Initiative maps out homeland efforts

National Governors Association Center for Best Practices Homeland Security/Emergency Management Web site

Related Links

Representatives from seven states and a U.S. territory recently unveiled

homeland security action plans that were developed during the past year

in an initiative sponsored by the National Governors Association.

The plans will serve as road maps for future homeland security efforts

including bioterrorism response, emergency communications and disaster response.

Plans were presented during an NGA "policy academy" meeting in Savannah,

Ga., Oct. 29-30.

NGA will analyze the state plans and draft a report containing lessons

learned and best practices that will be sent to the homeland security advisers

of all governors by late November or early December, according to Ann Beauchesne,

who directs NGA's Homeland Security and Emergency Management division.

Governors from the states and territory appointed six-member teams of

high-level officials, including homeland security advisers, adjutant generals,

state emergency management and public health directors, and local emergency

management, health and law enforcement officials.

"The teams worked intensively to explore current policies and procedures

and engaged in cross-team analysis of areas for improvement and innovation

and customized their strategies concerning a specific policy or issue area,"

Beauchesne said. Common denominators included securing funding and sharing

information among state, local and federal authorities, she added.

In an e-mail message, Beauchesne provided sketches of what each team

focused on:

* Georgia is developing a long-term strategy — with a special focus

on information sharing and intelligence gathering — consolidating the anti-terrorism

planning efforts conducted by local, state and federal governments.

* Indiana is focusing on an information technology project management

software tool to assimilate all state agencies' activities into the state's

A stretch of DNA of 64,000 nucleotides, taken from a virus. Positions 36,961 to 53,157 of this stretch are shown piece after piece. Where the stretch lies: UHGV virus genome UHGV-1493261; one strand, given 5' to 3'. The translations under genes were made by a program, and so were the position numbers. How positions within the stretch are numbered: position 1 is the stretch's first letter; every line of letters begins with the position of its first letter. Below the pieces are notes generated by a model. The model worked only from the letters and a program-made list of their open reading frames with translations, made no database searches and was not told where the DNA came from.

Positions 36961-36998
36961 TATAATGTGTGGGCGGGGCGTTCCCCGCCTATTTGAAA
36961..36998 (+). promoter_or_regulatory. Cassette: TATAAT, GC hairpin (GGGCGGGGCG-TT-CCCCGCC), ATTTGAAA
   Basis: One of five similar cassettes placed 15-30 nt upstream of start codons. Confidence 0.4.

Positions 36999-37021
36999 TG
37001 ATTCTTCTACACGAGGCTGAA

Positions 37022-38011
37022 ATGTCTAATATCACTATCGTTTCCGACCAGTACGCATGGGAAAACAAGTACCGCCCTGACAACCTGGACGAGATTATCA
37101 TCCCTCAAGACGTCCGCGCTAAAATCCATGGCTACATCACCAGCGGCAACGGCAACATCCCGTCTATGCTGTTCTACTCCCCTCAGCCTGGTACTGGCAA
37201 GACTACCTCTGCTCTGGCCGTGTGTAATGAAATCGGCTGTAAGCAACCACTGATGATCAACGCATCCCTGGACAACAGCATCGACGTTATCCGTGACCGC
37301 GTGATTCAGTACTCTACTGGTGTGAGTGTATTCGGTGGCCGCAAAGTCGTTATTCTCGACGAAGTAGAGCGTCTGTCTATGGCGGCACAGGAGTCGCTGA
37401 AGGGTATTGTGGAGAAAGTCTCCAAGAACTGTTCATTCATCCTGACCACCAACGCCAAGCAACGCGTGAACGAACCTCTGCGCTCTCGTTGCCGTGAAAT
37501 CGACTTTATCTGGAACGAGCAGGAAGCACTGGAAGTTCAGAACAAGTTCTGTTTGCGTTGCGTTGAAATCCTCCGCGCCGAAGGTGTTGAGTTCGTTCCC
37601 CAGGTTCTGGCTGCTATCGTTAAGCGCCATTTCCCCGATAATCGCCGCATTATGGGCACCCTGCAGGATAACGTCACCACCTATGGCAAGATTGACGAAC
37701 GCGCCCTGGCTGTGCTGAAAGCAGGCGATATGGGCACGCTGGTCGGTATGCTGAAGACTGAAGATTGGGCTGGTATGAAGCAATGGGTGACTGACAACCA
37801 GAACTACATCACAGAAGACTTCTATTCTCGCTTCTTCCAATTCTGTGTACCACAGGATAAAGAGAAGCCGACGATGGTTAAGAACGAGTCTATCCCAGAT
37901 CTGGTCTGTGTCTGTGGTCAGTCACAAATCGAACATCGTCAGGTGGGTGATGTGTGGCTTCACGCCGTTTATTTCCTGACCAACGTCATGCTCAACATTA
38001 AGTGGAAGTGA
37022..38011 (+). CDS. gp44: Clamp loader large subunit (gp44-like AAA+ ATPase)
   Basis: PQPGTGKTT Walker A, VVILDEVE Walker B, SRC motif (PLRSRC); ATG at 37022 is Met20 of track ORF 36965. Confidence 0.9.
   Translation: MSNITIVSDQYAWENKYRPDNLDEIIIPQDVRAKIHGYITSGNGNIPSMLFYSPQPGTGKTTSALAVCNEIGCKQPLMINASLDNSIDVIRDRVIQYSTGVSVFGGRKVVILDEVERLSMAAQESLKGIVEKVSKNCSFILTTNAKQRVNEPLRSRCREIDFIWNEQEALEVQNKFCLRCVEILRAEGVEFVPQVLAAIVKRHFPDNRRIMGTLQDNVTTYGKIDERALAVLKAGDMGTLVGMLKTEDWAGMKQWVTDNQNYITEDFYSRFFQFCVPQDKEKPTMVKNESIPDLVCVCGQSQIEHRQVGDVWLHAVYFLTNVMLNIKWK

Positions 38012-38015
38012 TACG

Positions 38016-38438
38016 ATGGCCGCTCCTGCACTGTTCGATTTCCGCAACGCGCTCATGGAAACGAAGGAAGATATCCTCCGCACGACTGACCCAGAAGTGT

Counter Terrorism and Security Council.

* Iowa will look at enhancing bioterrorism and agroterrorism preparedness

as it coordinates and implements its comprehensive state strategy.

* Ohio will develop a "single, integrated command structure" encompassing

both public and private entities and develop a management model that links

agencies in a nonhierarchical fashion.

* Pennsylvania is setting up a computer network linking 130 hospitals

and 50,000 doctors to monitor trends that may lead to early detection of

a bioterrorism attack.

* Utah will enhance and sustain an organizational structure — developed

when it hosted the Olympics — to ensure coordination and information sharing

at all levels of government and with the private sector.

* West Virginia will develop interoperable communications and public

health efforts to prepare for bioterrorism.

* The Virgin Islands will continue to assess critical infrastructures,

specifically ports and refineries. The territory also will sever the link

between drugs and terrorists and will examine liability issues for first



  • Defense
    Ryan D. McCarthy being sworn in as Army Secretary Oct. 10, 2019. (Photo credit: Sgt. Dana Clarke/U.S. Army)

    Army wants to spend nearly $1B on cloud, data by 2025

    Army Secretary Ryan McCarthy said lack of funding or a potential delay in the JEDI cloud bid "strikes to the heart of our concern."

  • Congress
    Rep. Jim Langevin (D-R.I.) at the Hack the Capitol conference Sept. 20, 2018

    Jim Langevin's view from the Hill

    As chairman of of the Intelligence and Emerging Threats and Capabilities subcommittee of the House Armed Services Committe and a member of the House Homeland Security Committee, Rhode Island Democrat Jim Langevin is one of the most influential voices on cybersecurity in Congress.

Stay Connected


Sign up for our newsletter.

I agree to this site's Privacy Policy.